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Show you care – be there

Play your part in telling the government  that there is an alternative to MASS UNEMPLOYMENT.

Join the CSP at a TUC-organised march and rally on 20 October

Physio staff across the UK are being urged to put a big  red circle around the date of 20 October in their calendars and diaries.

That’s because the CSP is throwing its weight behind a march and anti-austerity rally being held by the TUC in London on that date, while a similar event is also being planned by the Scottish TUC.

Dr Helena Johnson, CSP Council chair, said: ‘The “A Future that Works” rally on 20 October is an opportunity for members to make a stand against the government’s austerity policies which are hurting the NHS and other vital public services.

CSP members care passionately about their patients and the quality of the physiotherapy services they provide.

‘We are concerned that financially-driven cuts to NHS physiotherapy services will hinder members’ ability to deliver high quality patient care and outcomes.’    

Other issues that have prompted the CSP to back the TUC action include pay freezes and pay caps, attacks on terms and conditions, the downbanding of posts and rising workloads.

‘The common driving force behind these and other woes hitting CSP members and their families is a huge squeeze on public spending,’ said Alex MacKenzie, who chairs the CSP industrial relations committee.

Earlier this year, the Institute for Fiscal Studies raised alarm bells over the government’s approach.

‘The sheer scale of the cuts is daunting, and almost without historical or international precedent,’ it concluded in its Green Budget. (

Austerity isn’t working

It is widely held by many economists that austerity policies are destroying jobs, growth and incomes across the economy.

The UK is in a ‘double-dip’ recession. Some 2.6 million people are out of work. More than a million people with a part-time job want a full-time one.

Meanwhile, living standards have fallen for more than two years. A VAT rise has put up prices during the same period, tax credits have been cut and NHS wages have been held down.

If physio staff – in both the  NHS and private sector – and other workers have less to spend, then businesses won’t invest or take on staff.

Last year, slow growth cost the country an extra £34 billion in tax credits and social security costs, while more than £51 billion in income tax was lost.

CSP members are lining up to take part in the events on 20 October.

One of them is Ann Green, Dr Johnson’s predecessor as CSP Council chair. She told Frontline: ‘“A Future that Works” captures the hope of all – young, old, poor, employed, unemployed and sick.

‘We are all in this together and those of us who are stronger must take a stand for a fairer society that invests in the future.

Current policies are not working - come and join us and do your bit.’

Based in the West Country, Tim Rowland and Gemma Matthews face a round-trip of many hundreds of miles in order to make their voices heard at the rally.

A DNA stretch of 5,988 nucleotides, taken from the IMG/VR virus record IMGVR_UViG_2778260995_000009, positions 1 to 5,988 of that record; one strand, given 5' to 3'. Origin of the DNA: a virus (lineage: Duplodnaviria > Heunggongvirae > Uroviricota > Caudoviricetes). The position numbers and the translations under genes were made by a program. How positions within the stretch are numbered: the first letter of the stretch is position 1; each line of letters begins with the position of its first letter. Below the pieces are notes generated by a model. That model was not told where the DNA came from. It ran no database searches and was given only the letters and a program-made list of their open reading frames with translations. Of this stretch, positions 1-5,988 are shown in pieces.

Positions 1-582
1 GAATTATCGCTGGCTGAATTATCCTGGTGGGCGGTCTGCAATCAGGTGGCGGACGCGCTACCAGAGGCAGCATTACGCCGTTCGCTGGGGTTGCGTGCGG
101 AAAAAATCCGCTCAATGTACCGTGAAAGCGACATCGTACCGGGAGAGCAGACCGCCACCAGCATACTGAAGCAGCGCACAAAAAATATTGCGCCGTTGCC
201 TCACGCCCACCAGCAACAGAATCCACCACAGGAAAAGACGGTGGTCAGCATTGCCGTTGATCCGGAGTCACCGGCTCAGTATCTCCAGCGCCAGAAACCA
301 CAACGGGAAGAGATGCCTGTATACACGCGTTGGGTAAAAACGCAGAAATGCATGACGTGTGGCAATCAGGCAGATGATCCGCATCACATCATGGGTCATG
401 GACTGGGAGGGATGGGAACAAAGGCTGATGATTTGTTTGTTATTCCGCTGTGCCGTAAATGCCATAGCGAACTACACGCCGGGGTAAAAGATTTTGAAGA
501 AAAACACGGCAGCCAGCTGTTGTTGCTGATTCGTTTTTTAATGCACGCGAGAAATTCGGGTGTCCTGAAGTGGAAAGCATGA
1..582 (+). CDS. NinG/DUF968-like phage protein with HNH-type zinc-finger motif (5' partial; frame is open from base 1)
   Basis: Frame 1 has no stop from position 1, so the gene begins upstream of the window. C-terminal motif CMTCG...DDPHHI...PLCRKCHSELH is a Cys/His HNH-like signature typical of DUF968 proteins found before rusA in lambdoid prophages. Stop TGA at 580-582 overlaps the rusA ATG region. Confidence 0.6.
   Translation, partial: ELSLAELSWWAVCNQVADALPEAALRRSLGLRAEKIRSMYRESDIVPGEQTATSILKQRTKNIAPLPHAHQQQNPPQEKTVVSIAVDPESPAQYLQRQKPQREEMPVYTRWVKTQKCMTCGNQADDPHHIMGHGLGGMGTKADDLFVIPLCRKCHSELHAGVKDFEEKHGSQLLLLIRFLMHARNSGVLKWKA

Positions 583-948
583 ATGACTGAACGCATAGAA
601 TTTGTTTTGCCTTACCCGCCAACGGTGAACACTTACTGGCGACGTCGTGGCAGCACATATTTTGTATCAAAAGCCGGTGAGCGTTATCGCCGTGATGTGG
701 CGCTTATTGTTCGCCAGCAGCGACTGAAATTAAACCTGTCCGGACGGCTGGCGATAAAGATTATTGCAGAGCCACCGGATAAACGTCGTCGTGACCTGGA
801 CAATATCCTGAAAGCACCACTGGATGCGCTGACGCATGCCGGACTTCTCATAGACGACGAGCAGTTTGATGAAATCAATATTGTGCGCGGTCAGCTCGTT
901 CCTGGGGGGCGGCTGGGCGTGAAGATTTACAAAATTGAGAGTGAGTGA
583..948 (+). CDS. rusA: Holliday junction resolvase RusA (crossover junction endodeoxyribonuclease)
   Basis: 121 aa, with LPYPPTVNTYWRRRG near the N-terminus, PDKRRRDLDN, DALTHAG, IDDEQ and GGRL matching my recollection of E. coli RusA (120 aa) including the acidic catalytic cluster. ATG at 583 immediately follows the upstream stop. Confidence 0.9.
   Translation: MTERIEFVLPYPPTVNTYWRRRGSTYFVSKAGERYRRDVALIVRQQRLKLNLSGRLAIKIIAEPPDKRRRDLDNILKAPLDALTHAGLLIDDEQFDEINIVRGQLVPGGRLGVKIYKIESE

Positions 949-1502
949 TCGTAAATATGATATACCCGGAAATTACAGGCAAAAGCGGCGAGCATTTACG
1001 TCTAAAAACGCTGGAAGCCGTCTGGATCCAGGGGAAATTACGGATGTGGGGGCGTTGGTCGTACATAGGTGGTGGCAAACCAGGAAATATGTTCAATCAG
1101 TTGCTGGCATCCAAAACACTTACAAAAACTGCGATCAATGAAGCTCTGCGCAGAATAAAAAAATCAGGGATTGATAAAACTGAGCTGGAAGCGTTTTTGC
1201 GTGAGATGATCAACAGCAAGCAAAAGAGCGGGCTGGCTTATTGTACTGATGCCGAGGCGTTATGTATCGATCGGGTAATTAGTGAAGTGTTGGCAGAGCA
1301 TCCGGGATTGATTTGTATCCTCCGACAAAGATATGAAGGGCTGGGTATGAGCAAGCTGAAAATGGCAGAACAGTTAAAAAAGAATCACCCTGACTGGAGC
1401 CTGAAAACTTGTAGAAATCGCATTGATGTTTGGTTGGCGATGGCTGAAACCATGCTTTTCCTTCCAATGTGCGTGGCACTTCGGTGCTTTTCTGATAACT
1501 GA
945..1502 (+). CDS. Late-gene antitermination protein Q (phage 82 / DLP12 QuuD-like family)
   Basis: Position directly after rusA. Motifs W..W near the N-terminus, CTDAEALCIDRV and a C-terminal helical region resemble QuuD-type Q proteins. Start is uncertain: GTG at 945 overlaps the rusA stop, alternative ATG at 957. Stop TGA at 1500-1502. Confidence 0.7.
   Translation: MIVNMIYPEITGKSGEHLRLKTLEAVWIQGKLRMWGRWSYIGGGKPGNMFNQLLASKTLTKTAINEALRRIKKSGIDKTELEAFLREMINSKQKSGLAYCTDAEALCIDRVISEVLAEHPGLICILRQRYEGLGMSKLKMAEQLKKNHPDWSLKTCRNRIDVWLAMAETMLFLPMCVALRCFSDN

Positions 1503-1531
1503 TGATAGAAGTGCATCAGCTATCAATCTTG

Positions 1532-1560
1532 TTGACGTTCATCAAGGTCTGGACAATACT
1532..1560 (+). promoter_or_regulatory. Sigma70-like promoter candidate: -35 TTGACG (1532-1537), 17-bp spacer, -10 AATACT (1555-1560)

The band 6 physios from Cornwall said: ‘We are going on the march as we are not prepared to accept this government’s sustained attack on public sector workers and the terms and conditions of our employment.

They added: ‘We’re particularly concerned as we work in the south west, where 20 trusts have set up a pay cartel to try to introduce regional pay by the back door.’

The TUC says urgent action is needed on tax avoidance by companies and individuals, which currently costs the economy at least £25 billion a year – 20 times more than is lost in benefit fraud. Investing more resources in HM Revenues and Customs could also lead to significant financial gains for the public purse.

It agrees that waste needs to be tackled: for example the £2 billion earmarked for an NHS re-organisation that no-one wants.

Growth and Jobs

The TUC, to which the CSP and other British trade unions are affiliated, argues for a new approach.

It points out that President Barack Obama has been stimulating the US economy by cutting taxes to put extra money in people’s wage packets each month and has also boosted public spending.

The result: US unemployment has gone down and across the Atlantic the deficit is now forecast to fall faster than here in the UK.

So an alternative would create jobs and encourage companies to raise average pay, but also stop big bonuses and allow the country to invest in training and new, including green, industries.

Banks and the rich should pay a fairer share of taxes, the TUC states.

To win the argument, people need to stand up, stand together, and let the government know that we want a new direction.

This is why the CSP is backing the events in London and Scotland in on 20 October. fl

CSP members in Scotland are welcome to join us in London.
But, recognising the cost and distance involved, the Scottish TUC is organising a separate event in Scotland on October 20. Details will be available on the CSP website in due course.  

For more information, including links to affordable transport options, visit: or see the advert on page 20

Help us plan for the event

Tell us you are coming (with name and contact number) by emailing:


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